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Historians of science traditionally have not been much concerned with the general psychological traits and motives involved in the history of science. Ever since Whewell, many historians have documented and described the major events and trends in the history of science, and some, of course, have documented the lives of particular scientists, delving into psychological forces.
But on the whole historians have not moved beyond narrative histories of individuals’ lives; they have generally avoided “psychologizing” about individual scientists or even samples of scientists. Yet psychological forces—concept development, motivation, ambition, creativity, imagination, and so on—are implicit in much of this history of science.
Historians view these aspects at a cultural rather than an individual level. Moreover, as discussed above with Hull’s comments about philosophers, Sulloway has argued that historians often actively resist a fundamental tool in the psychologist’s arsenal, namely, hypothesis testing, believing instead that their analyses are narrative explanations that neither require nor can make use of testing and evidence.
Historically, philosophers of science have probably been more actively disdainful than historians of the psychological perspective in the study of science.
This disdain is perhaps nowhere seen more clearly than in Popper’s arguments against “psychologism.” Here we get to Popper’s real concerns of introducing psychological factors into the analysis of science. “The initial stage, the act of conceiving or inventing a theory, seems to me neither to call for logical analysis nor to be susceptible of it.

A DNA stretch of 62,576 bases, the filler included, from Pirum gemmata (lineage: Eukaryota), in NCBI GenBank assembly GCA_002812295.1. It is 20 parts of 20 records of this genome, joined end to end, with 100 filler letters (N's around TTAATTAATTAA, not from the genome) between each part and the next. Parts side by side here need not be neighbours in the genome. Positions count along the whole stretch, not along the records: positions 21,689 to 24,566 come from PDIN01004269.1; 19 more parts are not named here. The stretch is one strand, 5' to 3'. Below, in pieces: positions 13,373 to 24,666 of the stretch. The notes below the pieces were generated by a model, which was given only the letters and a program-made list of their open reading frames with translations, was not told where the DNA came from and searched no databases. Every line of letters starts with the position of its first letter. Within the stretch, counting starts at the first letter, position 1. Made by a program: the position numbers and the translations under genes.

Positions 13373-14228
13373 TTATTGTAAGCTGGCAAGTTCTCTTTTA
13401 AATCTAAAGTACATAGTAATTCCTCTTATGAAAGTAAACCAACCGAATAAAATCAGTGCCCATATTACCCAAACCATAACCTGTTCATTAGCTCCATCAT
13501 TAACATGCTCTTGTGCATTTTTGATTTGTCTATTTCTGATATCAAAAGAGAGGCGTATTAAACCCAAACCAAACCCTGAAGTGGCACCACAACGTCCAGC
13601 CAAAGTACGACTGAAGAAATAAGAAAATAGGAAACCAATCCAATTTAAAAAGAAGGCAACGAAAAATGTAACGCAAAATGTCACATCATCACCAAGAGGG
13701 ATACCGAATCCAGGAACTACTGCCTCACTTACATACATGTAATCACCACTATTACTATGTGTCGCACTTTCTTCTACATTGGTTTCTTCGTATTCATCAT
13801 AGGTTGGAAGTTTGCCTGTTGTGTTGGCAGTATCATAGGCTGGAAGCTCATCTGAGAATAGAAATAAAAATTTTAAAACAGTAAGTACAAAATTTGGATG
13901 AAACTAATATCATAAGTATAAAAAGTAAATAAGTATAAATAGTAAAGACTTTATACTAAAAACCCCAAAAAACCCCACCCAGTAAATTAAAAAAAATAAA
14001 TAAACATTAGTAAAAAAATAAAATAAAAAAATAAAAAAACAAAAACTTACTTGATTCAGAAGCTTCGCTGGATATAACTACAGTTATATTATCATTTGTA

Taken at face value, Popper is making an important distinction, one first made by Hans Reichenbach. On one hand, Popper is arguing that science as a product must be evaluated completely independently of the psychological, social, and historical context. Personalities, historical contexts, and sociological influences are irrelevant to the evaluation of a scientific idea.
Of course the stage of inspiration and creativity is not amenable to logical analysis, for the process itself is intuitive and implicit. Popper was perfectly correct to point this out, but the distinction and boundary between process and product is not quite as clean as the philosophers would have us believe.
By making this distinction between product and process, it would appear that Popper was amenable toward a psychological perspective if it focused on process rather than product. Later writings, however, made quite clear that Popper had no sympathy for a psychological (or historical or sociological) perspective under any circumstance.
T. Kuhn wrote a critique of Popper’s work, entitled “Logic of Discovery or Psychology of Research?” in which he critiqued some of Popper’s most basic assumptions. The sparks really started to fly when the issue of logic versus psycho-logic arose, the essence of Kuhn’s chapter. For Popper, logical analysis is absolutely paramount and any evaluation of scientific theory must be limited to either logical or empirical criteria.
Kuhn, on the other hand, argued that Popper has provided not a logic of knowledge but rather an ideology of knowledge and that there are forms of scientific knowledge to which logical analysis does not apply.
No, this is not the way, as mere logic can show; and thus the answer to Kuhn’s question “Logic of Discovery or Psychology of Research?” is that while the Logic of Discovery has little to learn from the Psychology of Research, the latter has much to learn from the former.